Characterization of work-hardening evolution in hexagonal metals using mean slip distance normalized with inter-obstacle spacing

  • Saimoto S
  • Cazacu O
  • Kaschner G
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The quantitative determination of the mean slip distance is the basis for the new constitutive relation that encompass slip-based parameters which are determined by precise fitting the functional form to the measured work-hardening evolution. This replicating procedure appears to apply to cases where non-monotonic work-hardening is evident but in such cases more than two fit-loci are required. The extrapolation of such loci to define the matrix strength for the composite structure involving mechanical twins can predict the upper-limit volume fraction of twins present. Comparison with other means of microstructural determinations directly correlates the observed mechanistic changes with the mechanical response. Normalization of the mean slip distance with the inter-obstacle spacing is found to be independent of the strength of obstacle and the evolving texture. Hence its plot can delineate the critical strain locations and supplement this data with quantitative values with respect to volume fraction of twinning. © 2012 Elsevier B.V..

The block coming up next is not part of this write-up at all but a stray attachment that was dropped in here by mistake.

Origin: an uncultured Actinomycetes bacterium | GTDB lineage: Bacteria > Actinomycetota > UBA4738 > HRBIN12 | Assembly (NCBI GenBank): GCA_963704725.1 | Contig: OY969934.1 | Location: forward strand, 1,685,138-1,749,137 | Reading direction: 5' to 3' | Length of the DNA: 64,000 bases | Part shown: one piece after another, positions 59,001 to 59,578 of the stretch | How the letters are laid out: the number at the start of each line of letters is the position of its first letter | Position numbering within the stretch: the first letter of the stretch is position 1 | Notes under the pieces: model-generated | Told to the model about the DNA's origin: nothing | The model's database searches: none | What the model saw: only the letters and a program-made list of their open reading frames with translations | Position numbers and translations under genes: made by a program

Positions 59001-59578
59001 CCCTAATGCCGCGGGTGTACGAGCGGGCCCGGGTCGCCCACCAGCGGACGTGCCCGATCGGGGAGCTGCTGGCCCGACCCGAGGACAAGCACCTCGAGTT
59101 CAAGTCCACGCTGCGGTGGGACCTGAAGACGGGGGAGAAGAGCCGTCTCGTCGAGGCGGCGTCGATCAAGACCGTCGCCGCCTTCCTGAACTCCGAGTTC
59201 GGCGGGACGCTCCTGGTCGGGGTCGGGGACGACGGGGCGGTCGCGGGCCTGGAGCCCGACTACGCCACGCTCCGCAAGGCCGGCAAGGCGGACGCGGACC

Author-supplied keywords

  • Crystal plasticity
  • Hardening
  • Magnesium alloys
  • Mechanical characterization
  • Titanium alloys
  • Twinning

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  • S. Saimoto

  • O. Cazacu

  • G. C. Kaschner

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